With the Vuelta having taken a siesta after an engaging first week or so the main names of the general classification seem to have risen to the top of the order, the sprints have been dominated by one man and we even saw a successful breakaway early on in the week. The stage has been set for a thoroughly exciting conclusion to the year’s final Grand Tour, but who should you keep your eye on between now and rest day number two?
After getting up to speed with what has happened so far let’s look ahead to the next four days that take the Vuelta up to the high mountains. Fitting in with the first week of racing there are a variety of stages to look forward to, each providing a different type of rider with the chance for victory. With the real focus for the GC riders, and their teams, coming at the end of the week the race may allow a breakaway a chance at success.
Providing it all comes back together on Stage 10 (a more in depth preview can be found here) though it’s hard to look past John Degenkolb for victory. This man is the sprinter who has looked unbeatable so far and there is nothing about Tuesday’s stage that would suggest another winner. It’s worth considering the Sky rider Ben Swift: he has not looked totally up to speed in the sprints so far but is undoubtedly a class fast man and the slight incline in the final kilometre might just help him out. However the question is will the race come back together? The route and the profile suggests so but with the time trial tomorrow the main GC candidates will be sitting back a little so if a breakaway goes clear and works well together there is a chance they could make it all the way.
Wednesday sees the only stage in the first half of the week that could shake up the GC: a 39.1km individual time trial. Of the four riders at the top of the overall standings Chris Froome should be the strongest on this stage. Strong showings this time last year and at the Tour de France earlier in the summer have marked Froome out as one of the best in Grand Tour time trials and a bronze in London further enhanced his reputation in the discipline. Alberto Contador, at his best, can also time trial very well indeed and is a former Spanish champion. Given that the course is has a fairly sizeable climb in the middle this could help Contador post a good time. Valverde and Rodriguez are set to lose time on this stage and will just have to hope that they can limit their loses to a reasonable amount of time. Rodriguez has put in effort to improve his time trialling and there were signs of improvement at the Giro so he could surprise with a decent showing.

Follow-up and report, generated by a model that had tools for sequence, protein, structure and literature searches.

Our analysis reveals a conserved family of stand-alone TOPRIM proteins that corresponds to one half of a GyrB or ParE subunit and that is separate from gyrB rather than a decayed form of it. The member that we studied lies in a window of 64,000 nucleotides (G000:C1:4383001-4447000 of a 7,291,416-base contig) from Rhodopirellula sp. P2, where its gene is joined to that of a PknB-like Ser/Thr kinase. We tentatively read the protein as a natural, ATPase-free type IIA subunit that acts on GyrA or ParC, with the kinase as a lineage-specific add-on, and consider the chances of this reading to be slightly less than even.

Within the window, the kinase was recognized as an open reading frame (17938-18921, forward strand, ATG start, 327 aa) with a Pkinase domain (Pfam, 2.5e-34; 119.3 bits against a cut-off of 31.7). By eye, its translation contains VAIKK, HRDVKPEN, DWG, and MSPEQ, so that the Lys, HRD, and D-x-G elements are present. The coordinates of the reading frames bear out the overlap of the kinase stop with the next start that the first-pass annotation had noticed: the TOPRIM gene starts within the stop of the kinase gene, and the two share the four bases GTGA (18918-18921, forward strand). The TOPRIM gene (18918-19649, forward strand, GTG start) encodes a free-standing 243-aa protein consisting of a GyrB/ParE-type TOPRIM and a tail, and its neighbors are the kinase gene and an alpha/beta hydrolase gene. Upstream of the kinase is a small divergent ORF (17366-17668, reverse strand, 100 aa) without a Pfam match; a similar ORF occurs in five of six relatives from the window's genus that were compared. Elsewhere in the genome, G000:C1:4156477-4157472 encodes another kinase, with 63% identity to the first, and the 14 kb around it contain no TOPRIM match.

Outside of the main GC riders expect the World Champion, Tony Martin, to challenge for the stage win. Former race leader Castroviejo could also put in a good ride after a top ten in London; the only riders in Spain who finished above him are Tony Martin and Chris Froome. Andrew Talansky and Nicholas Roche are a couple of riders who will look to make up time on those around them in GC and possibly move up a couple of spots. The Rabobank riders currently sitting high up the overall rankings are also feeling good about this course, Robert Gesink in particular has time trialled very well this year at times. Cameron Meyer has also shown good legs in this race with a breakaway effort last week so the young Australian could rider well on Wednesday despite feeling he is still not quite ready for the overall.
Stage 12 does’t look as though it will cause the overall contenders much of a probably but the finish should be exciting. The final ramp with gradients in excess of 13% will suit Rodriguez and Valverde once again but Philippe Gilbert will not want to relinquish the winning feeling he has just recently rediscovered so he could feature in finale too. Depending on how the peloton rides of course this could also see a breakaway manage to go the distance but Rodriguez will presumably be looking for bonus seconds after the time trial so Katusha will probably look to keep the break in check.
However Stage 13 looks like a classic duel between the sprinters’ teams and any riders in the breakaway. This is the last chance for the sprinters until after rest day number two though so expect them to be fired up and catch the escapees, even if the GC teams take a break before the important mountain stages. The rolling terrain just short of the finish could see someone try and jump clear but John Degenkolb isn’t adverse to going over a couple of small bumps so it would appear to be another chance for the German.
Throughout look for riders from the Andalucia to be in the breaks. This wild card team impressed a lot last year with their attacking instincts and are doing the same this year.
These four days are build to some pivotal mountain stages but don’t think this will mean they will be quiet. Well planned finishes and a last chance for the sprinters for a few days will ensure some more great racing.